Medical Journal of Babylon-Vol. 10- no. 1 -2013 مجلة بابل الطبية- المجلد العاشر

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Medical Journal of Babylon-Vol. 10- No. 1 -2013 مجلة بابل الطبية- المجلد العاشر- العدد الاول- 2013

Effect of Apium graveolens Leaves and Stalks in Reducing

the Side Effects of Doxorubicin in Male Rabbits
Haider Ridha Salman1,2 Batool Amein Al-Khafaji Nisreen J. Mohammed1

1Dept. of Pharmacology and Toxicology, College of Medicine, University of Babylon, Hilla, Iraq.

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The aim of the present study is to evaluate the potential protective effect of Apium graveolens (A. graveolens) against cumulative DOX-induced toxic effects to the heart, liver and blood components in male rabbits. DOX was administered intraperitoneally (i.p.) to the rabbits at a dose of (4mg/kg) four times within 14 days (cumulative dose 16 mg/kg). A. graveolens was given orally (7.5 g/kg/day) for 14 days. The results indicated that the concurrent use of A. graveolens with DOX significantly (p<0.05) protected against DOX-induced toxicities as evidenced by significant increase in RBC, WBC, Hb, and neutrophiles levels (p<0.05). No significant changes in monocytes, lymphocytes, eosinophiles and basophiles percentages were noticed in all groups of treatment. Also, Coadministration of A. graveolens significantly ameliorated the DOX-induced elevation in serum levels of malondialdehyde (MDA), lactate dehydrogenase (LDH), Alanine Transaminase (ALT), Aspartate Transaminase (AST) and bilirubin as well as inhibited DOX-provoked serum glutathione (GSH) depletion (p<0.05). No significant alterations in serum albumin level and catalase (CAT) activity were observed in all groups of treatment. Furthermore, the histopathological sections showed that the DOX caused significant structural changes in hepatic and cardiac tissues like necrosis and inflammation which were attenuated with combined use of A. graveolens. The study conclude that A. graveolens has the potential in protecting against DOX -induced cardiac, hepatic and hematological damage through a mechanism related to direct and indirect antioxidant property.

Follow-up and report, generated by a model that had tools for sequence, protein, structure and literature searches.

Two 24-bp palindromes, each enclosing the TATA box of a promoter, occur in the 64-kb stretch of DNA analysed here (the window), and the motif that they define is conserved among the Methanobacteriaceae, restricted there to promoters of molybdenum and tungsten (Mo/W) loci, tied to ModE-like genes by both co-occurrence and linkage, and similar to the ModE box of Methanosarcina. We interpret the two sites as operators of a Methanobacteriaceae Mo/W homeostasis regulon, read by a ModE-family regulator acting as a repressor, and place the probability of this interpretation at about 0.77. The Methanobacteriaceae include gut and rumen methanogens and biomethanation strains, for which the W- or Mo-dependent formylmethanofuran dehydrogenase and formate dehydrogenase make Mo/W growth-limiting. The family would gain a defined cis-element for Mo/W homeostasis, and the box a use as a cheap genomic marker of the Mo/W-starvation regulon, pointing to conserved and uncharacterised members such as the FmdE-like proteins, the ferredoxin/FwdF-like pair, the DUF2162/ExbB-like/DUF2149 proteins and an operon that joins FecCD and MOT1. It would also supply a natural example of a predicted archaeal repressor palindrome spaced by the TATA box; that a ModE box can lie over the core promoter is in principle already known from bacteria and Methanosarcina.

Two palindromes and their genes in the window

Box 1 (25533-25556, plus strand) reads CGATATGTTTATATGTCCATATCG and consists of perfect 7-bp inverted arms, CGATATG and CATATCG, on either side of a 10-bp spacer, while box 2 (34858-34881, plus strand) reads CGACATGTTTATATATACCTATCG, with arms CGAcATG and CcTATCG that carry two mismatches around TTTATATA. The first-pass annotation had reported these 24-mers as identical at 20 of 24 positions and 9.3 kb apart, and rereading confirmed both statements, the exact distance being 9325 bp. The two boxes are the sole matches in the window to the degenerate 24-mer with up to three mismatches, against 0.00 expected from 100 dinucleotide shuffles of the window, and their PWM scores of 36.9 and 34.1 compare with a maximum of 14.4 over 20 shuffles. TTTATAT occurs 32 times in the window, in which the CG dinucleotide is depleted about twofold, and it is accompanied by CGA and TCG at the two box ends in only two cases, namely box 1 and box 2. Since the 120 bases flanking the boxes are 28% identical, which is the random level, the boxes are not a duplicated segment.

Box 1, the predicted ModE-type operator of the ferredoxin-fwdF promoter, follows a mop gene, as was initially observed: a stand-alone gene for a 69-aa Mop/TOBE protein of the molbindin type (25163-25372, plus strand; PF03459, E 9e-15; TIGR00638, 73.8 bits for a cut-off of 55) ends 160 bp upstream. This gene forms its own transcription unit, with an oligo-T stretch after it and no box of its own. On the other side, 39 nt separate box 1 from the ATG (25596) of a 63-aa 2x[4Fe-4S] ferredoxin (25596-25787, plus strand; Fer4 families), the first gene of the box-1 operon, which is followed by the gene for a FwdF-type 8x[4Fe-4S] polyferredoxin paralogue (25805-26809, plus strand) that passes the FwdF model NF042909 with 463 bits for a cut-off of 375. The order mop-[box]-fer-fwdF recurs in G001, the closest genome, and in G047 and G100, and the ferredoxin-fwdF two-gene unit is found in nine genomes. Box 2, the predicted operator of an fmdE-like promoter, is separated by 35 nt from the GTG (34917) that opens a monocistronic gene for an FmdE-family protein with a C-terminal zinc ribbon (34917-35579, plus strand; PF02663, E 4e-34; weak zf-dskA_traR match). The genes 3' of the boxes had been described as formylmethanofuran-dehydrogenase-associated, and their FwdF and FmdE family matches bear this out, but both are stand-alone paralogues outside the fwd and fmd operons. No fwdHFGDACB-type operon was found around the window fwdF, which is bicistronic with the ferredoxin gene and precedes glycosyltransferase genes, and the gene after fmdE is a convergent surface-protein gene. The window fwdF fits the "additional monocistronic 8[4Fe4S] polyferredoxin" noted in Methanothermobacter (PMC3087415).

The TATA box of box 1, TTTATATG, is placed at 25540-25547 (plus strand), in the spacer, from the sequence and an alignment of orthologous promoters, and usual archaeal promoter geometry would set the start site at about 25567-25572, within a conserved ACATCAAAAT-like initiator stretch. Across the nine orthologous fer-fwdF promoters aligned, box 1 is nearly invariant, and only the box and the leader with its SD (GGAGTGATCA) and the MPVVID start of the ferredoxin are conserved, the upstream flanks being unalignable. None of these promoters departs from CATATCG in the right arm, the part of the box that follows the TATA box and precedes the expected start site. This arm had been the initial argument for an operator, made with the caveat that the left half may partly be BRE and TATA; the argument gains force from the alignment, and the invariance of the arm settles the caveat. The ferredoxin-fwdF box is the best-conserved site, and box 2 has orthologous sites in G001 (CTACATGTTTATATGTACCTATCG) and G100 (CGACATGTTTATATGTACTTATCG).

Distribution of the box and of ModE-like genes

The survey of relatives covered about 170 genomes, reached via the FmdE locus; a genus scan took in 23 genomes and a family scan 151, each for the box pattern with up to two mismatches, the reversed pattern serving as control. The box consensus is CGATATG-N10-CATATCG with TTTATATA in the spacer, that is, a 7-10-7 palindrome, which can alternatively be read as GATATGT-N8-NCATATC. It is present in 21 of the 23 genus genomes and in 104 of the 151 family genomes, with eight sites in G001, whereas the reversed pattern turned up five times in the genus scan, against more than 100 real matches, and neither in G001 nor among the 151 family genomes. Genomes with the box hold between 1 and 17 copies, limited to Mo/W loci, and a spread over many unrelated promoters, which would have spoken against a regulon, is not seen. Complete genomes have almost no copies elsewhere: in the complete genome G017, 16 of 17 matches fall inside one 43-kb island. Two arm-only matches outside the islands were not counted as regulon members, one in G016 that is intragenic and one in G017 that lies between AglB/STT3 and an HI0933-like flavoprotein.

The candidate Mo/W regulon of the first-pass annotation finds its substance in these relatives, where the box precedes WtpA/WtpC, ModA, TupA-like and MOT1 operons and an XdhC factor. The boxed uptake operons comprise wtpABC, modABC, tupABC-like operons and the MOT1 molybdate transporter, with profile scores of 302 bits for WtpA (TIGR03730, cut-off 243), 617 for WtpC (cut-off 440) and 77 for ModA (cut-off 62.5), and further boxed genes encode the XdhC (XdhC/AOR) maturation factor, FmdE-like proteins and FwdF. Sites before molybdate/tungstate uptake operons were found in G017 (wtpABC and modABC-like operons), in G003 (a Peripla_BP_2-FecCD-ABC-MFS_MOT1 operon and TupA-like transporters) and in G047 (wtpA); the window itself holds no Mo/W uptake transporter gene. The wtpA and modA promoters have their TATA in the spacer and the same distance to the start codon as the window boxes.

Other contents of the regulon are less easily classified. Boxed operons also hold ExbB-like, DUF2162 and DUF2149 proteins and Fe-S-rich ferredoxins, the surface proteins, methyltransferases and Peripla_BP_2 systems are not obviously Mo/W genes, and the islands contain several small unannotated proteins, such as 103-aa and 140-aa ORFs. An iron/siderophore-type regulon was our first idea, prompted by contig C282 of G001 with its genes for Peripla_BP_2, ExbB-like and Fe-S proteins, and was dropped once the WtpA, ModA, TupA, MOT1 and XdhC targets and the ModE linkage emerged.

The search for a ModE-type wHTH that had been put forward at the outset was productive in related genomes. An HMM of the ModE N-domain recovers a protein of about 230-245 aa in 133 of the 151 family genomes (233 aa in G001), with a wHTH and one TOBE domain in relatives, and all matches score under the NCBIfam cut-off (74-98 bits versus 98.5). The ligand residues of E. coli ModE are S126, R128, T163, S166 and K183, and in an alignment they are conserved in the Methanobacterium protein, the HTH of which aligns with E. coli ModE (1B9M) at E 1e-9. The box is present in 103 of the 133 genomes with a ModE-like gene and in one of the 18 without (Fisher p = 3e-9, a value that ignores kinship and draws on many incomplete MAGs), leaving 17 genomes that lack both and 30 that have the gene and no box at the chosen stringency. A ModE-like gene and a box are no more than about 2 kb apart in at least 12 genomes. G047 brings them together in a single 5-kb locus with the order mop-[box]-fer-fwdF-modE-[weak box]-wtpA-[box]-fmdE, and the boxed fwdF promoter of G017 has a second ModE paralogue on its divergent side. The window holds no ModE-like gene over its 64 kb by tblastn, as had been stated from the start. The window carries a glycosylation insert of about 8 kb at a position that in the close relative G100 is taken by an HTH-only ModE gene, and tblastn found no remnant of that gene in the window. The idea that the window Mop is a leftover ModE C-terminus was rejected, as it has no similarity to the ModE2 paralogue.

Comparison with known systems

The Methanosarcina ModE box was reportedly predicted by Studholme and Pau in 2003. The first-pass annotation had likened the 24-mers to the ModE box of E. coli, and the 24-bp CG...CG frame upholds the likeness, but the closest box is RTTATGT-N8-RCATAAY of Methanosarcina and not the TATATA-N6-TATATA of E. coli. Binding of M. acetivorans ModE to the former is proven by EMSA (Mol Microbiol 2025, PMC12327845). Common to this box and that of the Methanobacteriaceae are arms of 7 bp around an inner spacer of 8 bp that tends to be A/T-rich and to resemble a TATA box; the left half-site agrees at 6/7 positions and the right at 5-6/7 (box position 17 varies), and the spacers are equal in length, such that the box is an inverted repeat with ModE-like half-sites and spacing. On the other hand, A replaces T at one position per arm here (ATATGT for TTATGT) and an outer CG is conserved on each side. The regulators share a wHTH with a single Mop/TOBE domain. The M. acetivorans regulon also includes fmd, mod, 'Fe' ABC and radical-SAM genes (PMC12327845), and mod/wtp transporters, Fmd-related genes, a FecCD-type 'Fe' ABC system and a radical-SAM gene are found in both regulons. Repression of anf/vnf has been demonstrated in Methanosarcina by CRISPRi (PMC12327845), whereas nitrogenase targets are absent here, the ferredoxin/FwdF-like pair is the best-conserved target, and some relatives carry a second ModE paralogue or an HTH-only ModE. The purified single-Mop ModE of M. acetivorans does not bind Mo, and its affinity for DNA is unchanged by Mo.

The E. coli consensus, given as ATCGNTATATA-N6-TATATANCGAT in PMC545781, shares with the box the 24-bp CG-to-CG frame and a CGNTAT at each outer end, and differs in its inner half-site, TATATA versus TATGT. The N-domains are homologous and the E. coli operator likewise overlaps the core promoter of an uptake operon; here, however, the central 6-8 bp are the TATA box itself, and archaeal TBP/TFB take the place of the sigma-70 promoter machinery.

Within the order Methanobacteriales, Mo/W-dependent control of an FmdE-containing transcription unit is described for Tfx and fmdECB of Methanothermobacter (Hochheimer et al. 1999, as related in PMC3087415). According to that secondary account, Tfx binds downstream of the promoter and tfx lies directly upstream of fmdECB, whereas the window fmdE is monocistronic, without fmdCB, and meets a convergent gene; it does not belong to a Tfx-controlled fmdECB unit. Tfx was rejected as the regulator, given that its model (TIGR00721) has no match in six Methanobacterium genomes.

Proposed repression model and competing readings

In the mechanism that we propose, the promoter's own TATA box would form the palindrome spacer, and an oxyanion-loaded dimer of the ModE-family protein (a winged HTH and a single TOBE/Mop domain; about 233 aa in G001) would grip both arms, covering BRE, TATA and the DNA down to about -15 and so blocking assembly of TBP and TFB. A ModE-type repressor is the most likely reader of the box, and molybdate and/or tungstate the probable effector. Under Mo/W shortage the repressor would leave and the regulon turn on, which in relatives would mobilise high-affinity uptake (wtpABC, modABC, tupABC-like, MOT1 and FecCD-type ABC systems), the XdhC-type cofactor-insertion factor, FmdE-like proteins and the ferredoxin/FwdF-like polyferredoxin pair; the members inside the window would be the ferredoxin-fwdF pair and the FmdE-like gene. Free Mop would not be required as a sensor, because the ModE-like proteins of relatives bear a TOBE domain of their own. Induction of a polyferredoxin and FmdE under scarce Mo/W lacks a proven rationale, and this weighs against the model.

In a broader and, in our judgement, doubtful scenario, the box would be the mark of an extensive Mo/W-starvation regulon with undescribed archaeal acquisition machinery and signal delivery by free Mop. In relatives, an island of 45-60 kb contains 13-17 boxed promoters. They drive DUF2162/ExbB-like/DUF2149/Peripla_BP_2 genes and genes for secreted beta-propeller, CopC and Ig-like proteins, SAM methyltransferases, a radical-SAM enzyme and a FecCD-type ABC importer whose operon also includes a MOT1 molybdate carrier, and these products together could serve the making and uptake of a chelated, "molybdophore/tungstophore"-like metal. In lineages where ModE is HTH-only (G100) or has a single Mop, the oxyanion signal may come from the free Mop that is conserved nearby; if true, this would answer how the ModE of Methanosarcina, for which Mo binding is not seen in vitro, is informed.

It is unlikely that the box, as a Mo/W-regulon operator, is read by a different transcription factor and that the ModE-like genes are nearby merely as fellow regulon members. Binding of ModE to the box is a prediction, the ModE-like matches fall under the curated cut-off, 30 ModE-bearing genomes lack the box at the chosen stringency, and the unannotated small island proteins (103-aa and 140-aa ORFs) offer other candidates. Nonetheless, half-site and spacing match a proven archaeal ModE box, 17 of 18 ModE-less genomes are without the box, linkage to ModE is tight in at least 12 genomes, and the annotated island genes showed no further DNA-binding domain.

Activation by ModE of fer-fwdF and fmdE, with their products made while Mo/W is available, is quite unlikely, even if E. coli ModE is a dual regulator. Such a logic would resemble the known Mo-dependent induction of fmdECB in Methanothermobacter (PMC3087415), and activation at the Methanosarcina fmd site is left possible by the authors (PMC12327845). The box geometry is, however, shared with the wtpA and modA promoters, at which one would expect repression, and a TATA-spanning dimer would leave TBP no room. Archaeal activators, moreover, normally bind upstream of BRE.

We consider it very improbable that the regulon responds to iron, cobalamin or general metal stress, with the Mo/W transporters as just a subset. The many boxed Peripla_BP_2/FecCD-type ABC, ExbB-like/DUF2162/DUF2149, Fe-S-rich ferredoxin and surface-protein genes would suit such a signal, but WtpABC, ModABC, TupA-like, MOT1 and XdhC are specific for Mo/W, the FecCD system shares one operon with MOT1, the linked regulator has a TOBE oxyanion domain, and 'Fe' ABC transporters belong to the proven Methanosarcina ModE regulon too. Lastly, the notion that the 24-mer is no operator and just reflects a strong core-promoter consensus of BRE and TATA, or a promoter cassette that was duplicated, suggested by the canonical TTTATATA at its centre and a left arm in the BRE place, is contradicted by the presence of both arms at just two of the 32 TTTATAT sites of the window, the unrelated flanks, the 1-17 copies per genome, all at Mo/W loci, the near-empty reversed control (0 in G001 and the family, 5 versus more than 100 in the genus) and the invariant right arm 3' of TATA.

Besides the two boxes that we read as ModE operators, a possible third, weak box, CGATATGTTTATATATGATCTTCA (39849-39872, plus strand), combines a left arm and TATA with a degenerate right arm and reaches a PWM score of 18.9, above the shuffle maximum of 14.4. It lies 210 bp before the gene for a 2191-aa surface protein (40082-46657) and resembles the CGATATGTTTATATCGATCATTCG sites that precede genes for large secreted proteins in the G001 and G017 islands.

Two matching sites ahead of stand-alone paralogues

تهدف هذه الدراسة الى تقصي تأثير نبات الكرفس على التأثيرات السمية التراكمية المستحثة لعقار الدوكسوروبيسين في القلب والكبد وعناصر الدم لدى ذكور الارانب. لقد تم استخدام عقار الدوكسوروبيسين بجرعة (4 ملغ/كغم) داخل البريتون اربع مرات في اربعة عشر يوما ( الجرعة التراكمية 16 ملغ/كغم), اما نبات الكرفس فقد تم اعطائه عن طريق الفم بجرعة (7,5 غم/كغم) في اليوم لمدة اربعة عشر يوما. دلت النتائج على ان الاستخدام المتزامن لنبات الكرفس مع عقار الدوكسوروبيسين ادى الى تقليل التاثيرات السمية المستحثة بواسطة هذا العقار وقد استدل على ذلك من خلال الزيادة المعنوية في اعداد كريات الدم الحمر وكريات الدم البيض وكريات الدم العدلة وكذلك الزيادة المعنوية في مستوى تركيز الهيموغلوبين في الدم. ولم تحدث اي تغيير في نسب كريات الدم الاحادية واللمفاوية والحمضة والقعدة في اي مجموعة من المجموعات في هذه الدراسة. وكذلك, فقد وجد ان استخدام الكرفس مع الدوكسوروبيسين ادى الى تقليل الزيادة الحاصلة في مستويات اكسدة الدهون (MDA) والإنزيمات (LDH وAST و (ALTوالبليروبين في مصل الدم بشكل معنوي كما ثبط من الانخفاض الحاصل في فعالية الكلوتاثايون في مصل الدم بشكل معنوي ولم يحدث اي تغيير في مستوى الالبومين او فعالية انزيم (CAT) في مصل الدم في اي مجموعة من المجاميع في هذه الدراسة. علاوة على ذلك, فان المقاطع النسيجية اظهرت ان عقار الدوكسوروبيسين سبب تغييرات تركيبية واضحة في نسيجي القلب والكبد للارنب كالتنخر والالتهاب والتي تحسنت بشكل واضح مع استخدام نبات الكرفس. تستنتج الدراسة أن نبات الكرفس يمتلك القابلية في توفير الحماية ضد الاضرار المسببة بواسطة الدوكسوروبيسين في القلب والكبد والدم , بطريقة تعود بصورة مباشرة و غير مباشرة الى الخاصية المضادة للاكسدة.



Doxorubicin (DOX) is an anthracycline (ANT) antibiotic that possesses a potent and broad spectrum antitumour activity against a variety of human solid tumors and hematological malignancies [1, 2]. It is commonly used against ovarian, breast, lung, uterine and cervical cancers, soft tissue sarcomas as well against several other cancer types [3, 4]. It is known in the medical world as Adriamycin [5]. The preferential target of DOX is the DNA of dividing cells; the drug intercalates within DNA strands causing cell cycle blockage in the G2 phase [6] and inhibition of the activity of some nuclear proteins, such as DNA and RNA-polimerase and DNA-topoisomerase II [7, 8]. Unfortunately, DOX use has been limited largely due to its diverse toxicities, including cardiac, hepatic and hematological damages [9, 10]. The mechanism of the organ toxicity is unclear. It is believed that oxidative stress and the formation of free radicals, which also involves a reaction of DOX with iron, play a crucial role in the mechanism of DOX induced toxicities [11-14].